Boys in Battle: The 51st North Carolina’s Youngest Soldiers

Before reading this post, think of a 14-year-old boy you know. Then imagine him as a Confederate soldier, facing the Union onslaught at Battery Wagner or fighting for his life at Cold Harbor.

Confederate Army regulations established the minimum age for soldiers as eighteen years old. However, regiments often ignored this rule and enlisted any youngster who appeared physically capable of performing military duty. The 51st North Carolina’s ranks contained 119 boys under the age of eighteen. The three youngest lads were only 14 years old when they joined the regiment.

Private William Ledbetter was the youngest soldier to serve in the Fifty-First. Ledbetter, a resident of Cumberland County, enlisted in Company I on March 28, 1862. He was killed by a sharpshooter on June 12, 1864, near Peterburg. The Fayetteville Observer reported William’s age as 16 years, 3 months when he was killed. Based on the Observer‘s information, Private Ledbetter was born in March 1848. He joined the regiment just days after his 14th birthday.

McThomas Lewis of Black Creek travelled to Charleston and enlisted at the 51st North Carolina’s camp on James Island. Lewis joined Company A on March 1, 1863. According to 1850 and 1860 census data, Private Lewis was born between June and September 1848. He was just a few months short of 15 years old when he signed up. McThomas served with the regiment, unharmed, through the end of 1864.

Private Reddin Wilcox joined the Fifty-First on February 28, 1862. He enlisted in Company E when that unit formed up in Robeson County. Wilcox gave his age as 16 when he enlisted, but census records indicate that he may have been as young as 13. In addition, Reddin mentions that he is only 16 years old in a letter he wrote on September 12, 1864. Wilcox’s letter, paired with 1860 census data, suggests that Wilcox was born between October 1847 and July 1848, making him either 13 or 14 years old when he joined the 51st North Carolina.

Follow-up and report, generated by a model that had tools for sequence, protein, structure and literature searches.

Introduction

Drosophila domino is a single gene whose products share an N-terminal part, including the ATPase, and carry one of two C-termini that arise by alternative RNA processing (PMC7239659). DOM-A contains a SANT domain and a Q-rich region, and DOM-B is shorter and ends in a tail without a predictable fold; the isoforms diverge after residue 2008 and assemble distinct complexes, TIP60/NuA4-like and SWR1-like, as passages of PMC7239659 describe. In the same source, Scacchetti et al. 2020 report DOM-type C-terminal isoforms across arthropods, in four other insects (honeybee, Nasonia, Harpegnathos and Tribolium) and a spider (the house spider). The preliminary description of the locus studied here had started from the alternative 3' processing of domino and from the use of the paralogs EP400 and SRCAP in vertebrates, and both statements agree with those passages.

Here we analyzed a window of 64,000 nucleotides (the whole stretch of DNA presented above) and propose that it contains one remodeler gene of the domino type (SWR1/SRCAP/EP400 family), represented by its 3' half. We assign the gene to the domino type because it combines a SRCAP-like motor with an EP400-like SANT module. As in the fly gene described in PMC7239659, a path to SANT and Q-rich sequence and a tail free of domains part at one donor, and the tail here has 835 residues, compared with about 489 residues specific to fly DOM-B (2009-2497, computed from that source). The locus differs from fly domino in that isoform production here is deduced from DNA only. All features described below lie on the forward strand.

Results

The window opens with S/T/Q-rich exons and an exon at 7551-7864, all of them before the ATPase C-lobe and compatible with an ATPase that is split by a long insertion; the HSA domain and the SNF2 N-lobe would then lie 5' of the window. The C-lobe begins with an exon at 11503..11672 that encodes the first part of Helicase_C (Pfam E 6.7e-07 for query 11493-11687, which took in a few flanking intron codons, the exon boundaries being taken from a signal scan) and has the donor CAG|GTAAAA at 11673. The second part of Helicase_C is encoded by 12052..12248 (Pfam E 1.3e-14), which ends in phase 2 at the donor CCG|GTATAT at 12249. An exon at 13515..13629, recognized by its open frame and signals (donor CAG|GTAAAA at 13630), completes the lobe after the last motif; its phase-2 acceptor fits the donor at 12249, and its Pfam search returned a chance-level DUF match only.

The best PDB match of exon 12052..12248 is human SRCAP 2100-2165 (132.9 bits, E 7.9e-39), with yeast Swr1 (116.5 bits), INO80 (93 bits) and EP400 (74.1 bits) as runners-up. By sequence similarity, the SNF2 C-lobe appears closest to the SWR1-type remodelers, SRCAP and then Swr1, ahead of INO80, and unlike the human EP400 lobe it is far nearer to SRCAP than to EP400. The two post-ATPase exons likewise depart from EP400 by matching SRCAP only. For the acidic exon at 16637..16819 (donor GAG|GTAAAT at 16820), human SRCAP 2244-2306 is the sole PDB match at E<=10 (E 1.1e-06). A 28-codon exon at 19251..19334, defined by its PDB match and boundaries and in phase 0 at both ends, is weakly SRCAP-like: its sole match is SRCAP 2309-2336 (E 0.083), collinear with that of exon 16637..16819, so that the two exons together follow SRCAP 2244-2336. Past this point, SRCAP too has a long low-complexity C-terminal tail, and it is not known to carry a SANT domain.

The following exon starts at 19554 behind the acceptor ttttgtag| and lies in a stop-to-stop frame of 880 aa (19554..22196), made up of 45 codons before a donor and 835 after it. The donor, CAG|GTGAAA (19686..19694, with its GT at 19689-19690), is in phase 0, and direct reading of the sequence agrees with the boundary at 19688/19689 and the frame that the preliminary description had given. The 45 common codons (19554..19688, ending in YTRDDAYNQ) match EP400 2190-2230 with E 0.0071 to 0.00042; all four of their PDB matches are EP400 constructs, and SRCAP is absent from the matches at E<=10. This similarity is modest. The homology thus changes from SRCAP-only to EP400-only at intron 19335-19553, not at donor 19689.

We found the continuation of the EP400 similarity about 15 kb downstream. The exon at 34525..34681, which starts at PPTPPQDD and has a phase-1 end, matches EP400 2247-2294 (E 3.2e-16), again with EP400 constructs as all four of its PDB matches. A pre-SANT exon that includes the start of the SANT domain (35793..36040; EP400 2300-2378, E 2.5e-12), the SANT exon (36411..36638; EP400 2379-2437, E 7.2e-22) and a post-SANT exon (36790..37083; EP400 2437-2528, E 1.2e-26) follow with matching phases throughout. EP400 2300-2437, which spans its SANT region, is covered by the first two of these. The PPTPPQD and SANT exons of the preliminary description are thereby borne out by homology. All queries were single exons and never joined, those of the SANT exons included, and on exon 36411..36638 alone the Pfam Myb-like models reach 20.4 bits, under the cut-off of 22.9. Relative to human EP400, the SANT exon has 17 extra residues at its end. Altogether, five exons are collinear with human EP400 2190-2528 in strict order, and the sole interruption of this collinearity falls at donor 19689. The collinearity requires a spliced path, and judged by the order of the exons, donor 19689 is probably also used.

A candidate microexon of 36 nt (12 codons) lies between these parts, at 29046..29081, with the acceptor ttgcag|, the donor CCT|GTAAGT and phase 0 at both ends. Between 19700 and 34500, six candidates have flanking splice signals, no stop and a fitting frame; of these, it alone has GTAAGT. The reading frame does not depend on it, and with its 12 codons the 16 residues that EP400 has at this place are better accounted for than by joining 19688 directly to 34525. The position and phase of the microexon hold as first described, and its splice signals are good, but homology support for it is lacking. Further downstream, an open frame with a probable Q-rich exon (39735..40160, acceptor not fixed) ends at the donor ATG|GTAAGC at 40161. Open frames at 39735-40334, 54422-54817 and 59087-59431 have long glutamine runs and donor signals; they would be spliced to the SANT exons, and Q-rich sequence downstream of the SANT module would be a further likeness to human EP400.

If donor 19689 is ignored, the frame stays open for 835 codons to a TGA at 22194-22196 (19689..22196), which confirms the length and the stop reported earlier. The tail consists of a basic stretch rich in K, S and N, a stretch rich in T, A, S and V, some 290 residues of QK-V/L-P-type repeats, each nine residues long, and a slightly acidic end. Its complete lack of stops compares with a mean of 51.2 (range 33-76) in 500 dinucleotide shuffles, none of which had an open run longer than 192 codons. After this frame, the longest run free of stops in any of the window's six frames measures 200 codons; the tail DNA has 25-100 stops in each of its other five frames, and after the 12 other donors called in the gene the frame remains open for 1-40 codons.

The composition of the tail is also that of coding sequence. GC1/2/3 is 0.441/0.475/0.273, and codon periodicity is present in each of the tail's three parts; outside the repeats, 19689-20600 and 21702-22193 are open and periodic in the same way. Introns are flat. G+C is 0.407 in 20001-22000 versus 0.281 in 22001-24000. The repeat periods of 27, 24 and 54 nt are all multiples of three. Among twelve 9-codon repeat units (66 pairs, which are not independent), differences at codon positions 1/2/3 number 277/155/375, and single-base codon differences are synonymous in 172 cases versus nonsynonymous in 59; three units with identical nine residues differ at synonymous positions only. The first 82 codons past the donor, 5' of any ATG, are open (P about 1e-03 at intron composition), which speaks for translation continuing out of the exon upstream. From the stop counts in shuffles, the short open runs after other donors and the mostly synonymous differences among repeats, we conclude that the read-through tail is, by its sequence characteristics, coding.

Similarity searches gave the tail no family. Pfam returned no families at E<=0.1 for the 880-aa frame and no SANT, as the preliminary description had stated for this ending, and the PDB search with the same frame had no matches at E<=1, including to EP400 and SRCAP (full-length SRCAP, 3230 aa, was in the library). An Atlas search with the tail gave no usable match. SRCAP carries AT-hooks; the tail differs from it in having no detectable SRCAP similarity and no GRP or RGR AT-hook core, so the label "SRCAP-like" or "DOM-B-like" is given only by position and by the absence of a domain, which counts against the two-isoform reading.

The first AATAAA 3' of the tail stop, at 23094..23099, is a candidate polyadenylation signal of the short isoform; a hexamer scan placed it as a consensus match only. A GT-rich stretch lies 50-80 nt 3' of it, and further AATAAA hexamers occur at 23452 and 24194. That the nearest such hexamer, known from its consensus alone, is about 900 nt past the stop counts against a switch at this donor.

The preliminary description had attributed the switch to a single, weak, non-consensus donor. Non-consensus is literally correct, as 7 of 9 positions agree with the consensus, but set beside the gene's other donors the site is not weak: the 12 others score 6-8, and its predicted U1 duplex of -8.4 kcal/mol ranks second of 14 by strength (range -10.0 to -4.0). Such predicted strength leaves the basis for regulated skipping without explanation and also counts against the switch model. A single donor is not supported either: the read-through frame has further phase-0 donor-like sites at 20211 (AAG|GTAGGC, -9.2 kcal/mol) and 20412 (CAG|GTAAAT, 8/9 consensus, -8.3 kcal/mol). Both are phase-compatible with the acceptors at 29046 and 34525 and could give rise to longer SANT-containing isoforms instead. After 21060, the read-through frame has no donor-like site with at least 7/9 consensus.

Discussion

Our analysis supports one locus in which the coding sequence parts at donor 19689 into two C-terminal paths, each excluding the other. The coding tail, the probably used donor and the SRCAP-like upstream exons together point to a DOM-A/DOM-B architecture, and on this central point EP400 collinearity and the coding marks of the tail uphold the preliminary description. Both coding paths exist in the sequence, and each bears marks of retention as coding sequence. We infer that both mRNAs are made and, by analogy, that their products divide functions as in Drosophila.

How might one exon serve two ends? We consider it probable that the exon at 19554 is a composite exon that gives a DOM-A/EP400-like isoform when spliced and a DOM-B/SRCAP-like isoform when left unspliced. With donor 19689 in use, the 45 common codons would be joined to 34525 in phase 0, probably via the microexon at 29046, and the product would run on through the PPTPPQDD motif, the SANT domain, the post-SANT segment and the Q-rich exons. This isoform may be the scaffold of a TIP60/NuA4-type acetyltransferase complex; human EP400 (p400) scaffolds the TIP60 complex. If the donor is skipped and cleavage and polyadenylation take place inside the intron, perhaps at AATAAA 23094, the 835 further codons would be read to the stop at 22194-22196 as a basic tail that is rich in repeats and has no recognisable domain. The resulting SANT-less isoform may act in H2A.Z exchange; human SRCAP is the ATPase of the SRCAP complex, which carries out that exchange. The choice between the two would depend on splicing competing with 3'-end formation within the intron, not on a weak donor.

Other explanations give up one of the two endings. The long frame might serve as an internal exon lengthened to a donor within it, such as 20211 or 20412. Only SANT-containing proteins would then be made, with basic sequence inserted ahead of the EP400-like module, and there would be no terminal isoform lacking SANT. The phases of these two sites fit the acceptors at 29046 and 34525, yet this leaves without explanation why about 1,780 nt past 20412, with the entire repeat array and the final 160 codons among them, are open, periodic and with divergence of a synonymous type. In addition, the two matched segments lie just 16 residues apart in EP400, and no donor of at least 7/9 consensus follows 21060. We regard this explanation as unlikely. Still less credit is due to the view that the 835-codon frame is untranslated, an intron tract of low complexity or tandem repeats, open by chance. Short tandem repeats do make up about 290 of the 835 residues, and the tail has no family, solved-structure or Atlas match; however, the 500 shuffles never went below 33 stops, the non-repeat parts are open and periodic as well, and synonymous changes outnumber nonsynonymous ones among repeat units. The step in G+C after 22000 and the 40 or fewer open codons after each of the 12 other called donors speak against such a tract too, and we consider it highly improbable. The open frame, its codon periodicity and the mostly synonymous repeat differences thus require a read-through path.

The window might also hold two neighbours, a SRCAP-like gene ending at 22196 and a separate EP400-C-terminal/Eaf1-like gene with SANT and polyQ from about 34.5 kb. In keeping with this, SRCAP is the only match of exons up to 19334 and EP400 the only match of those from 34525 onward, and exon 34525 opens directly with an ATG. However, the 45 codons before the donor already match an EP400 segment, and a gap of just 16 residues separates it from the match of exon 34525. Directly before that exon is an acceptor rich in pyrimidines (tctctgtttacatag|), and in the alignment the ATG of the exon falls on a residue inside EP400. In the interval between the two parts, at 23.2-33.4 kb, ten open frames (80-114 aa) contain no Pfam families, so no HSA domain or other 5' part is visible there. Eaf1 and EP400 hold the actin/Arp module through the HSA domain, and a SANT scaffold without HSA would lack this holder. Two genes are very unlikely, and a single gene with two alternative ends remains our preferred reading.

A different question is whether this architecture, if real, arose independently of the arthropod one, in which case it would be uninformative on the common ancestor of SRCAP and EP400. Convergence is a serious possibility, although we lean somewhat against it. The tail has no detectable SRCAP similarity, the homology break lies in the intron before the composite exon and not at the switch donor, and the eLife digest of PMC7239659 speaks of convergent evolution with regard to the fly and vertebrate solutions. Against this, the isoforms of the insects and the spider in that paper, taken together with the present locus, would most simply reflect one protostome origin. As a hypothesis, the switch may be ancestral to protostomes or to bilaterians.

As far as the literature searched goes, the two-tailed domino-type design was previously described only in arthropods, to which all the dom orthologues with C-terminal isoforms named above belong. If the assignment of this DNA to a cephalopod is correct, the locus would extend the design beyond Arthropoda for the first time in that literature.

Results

Early in his enlistment, Reddin Wilcox was hospitalized twice for illness. He was wounded slightly during the Union assault on Battery Wagner in 1863. The next year, Wilcox was captured at Cold Harbor. He was sent to Point Lookout and then transferred to “Hellmira” prison camp. The young warrior died of pneumonia while in captivity.

Copyright © 2021 – 2024 by Kirk Ward. All rights reserved.

1 comment

Leave a comment

Your email address will not be published. Required fields are marked *